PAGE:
Where to get warm when there’s no place to go
By Nathan Fox
Winter: The most wonderful time of the year. Whether it be the holiday gifts, loved ones, hot cocoa, or beautiful snowy days, there’s something about winter in New England that just can’t be beat.
Summer has its perks, but the holiday spirit and the promise of turning over a new year injects a level of excitement that is unmatched during our 3 lesser seasons. And speaking of excitement, don’t forget the sparkling new ice-skating rink that graced the fields of Bushnell Park for the past 2 months. Hartford, how far you’ve come.
But as we walk through this winter wonderland, let’s stop a moment to consider what life is like for many people in the Hartford area. Like most things in life, the other side isn’t nearly as much fun to think about, but in the other spirit of the holidays, namely peace on earth, goodwill to all, you know – THOSE things – it’s also the most appropriate time to consider.
For starters, being broke and homeless during the most overwhelmingly loving, consumer-oriented period of the year can’t be easy. While most of Greater Hartford is running around buying and exchanging gifts with their friends and families, people who are homeless are usually left out of these traditions. When our homeless friends do receive gifts, it’s often from a local non-profit, church, or shelter, not from a brother or sister. And it’s certainly not from the comfort of a living room oozing with holiday splendor.
As if exclusion from these activities wasn’t bad enough, consider this: Winter is (obviously) also the coldest time of the year. For most of us, this means bundling up a little more, warming up our car 5 minutes longer than usual, and the occasional shoveling job to undo mother nature’s charm. This year, she’e been quite charming. But for people who are homeless, winter means exposure to the wickedest of the elements.
Every night, due to a shortage of suitable and affordable housing, or even shelter beds, a number of our residents are forced to sleep outdoors with little to no protection from the cold. This is a tragedy and a growing crisis, one that we must take seriously as a community so that none of our residents are turned away from our shelters. Fortunately, Hartford’s numerous housing programs and shelters provide enough beds for a vast majority of residents who are homeless, helping to insulate them from the cold. But what do these individuals and families do during the day?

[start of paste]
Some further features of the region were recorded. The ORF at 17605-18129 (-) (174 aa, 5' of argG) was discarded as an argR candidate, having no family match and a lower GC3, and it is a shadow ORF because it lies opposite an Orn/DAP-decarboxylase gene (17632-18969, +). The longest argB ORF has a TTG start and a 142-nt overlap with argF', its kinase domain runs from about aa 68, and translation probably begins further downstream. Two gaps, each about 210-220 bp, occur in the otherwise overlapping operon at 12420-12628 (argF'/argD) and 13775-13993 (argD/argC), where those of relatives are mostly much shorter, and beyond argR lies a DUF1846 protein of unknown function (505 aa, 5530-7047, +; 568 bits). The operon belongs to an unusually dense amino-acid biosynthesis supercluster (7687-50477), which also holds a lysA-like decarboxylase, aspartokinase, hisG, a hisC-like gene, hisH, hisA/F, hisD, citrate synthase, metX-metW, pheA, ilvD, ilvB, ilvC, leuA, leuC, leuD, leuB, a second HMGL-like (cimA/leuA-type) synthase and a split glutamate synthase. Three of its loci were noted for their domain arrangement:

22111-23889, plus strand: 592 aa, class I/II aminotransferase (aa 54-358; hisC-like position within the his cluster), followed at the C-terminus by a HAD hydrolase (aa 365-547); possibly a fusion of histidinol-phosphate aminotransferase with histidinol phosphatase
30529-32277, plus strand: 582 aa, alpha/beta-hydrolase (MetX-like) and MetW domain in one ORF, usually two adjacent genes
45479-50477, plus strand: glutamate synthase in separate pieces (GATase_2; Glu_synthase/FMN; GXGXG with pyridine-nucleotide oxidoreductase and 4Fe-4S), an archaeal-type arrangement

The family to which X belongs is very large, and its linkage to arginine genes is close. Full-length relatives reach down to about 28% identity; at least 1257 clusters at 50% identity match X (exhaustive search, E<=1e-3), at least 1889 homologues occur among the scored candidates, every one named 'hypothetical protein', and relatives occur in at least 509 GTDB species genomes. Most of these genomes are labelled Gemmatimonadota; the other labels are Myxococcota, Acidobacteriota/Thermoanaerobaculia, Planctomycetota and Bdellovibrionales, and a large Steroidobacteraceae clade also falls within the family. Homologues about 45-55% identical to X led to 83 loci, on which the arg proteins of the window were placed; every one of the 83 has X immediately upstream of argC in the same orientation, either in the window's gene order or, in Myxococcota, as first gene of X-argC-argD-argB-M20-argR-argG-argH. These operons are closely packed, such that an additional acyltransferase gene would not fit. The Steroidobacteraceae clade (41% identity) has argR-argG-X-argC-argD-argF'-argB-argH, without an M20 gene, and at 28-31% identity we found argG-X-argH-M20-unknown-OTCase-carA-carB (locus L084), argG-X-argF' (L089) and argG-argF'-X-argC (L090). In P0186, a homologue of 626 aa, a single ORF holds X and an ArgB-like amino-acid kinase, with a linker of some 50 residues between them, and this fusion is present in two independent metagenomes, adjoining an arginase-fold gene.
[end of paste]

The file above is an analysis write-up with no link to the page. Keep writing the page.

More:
Most shelters operate on a 12 hour basis; people are allowed to enter at 7pm, and they are forced to leave around 7am. This then means that from 7am until 7pm, people exiting shelters must find somewhere to go, which usually converges with their need to stay warm. We’ll call this the 7-to-7 dilemma.
During winter, the daytime existence for this group consists of a patchwork of programs, churches, and local “hotspots.” The downtown public library is at the center of many peoples’ daily travels, as it is an ideal location to get out of the cold, but even it has it’s short-comings, with it’s 10am openingtime leaving many to wander the streets for 2 hours each morning.
In the end, no day program, library, soup kitchen, or church basement can replace the warmth and comfort of a home or a job. So the next time you see someone who may be homeless hanging out at burger king or the local coffee shop, take a moment to consider the ease in which we can escape from the cold, and the piece-meal daytime existence of those who are less fortunate.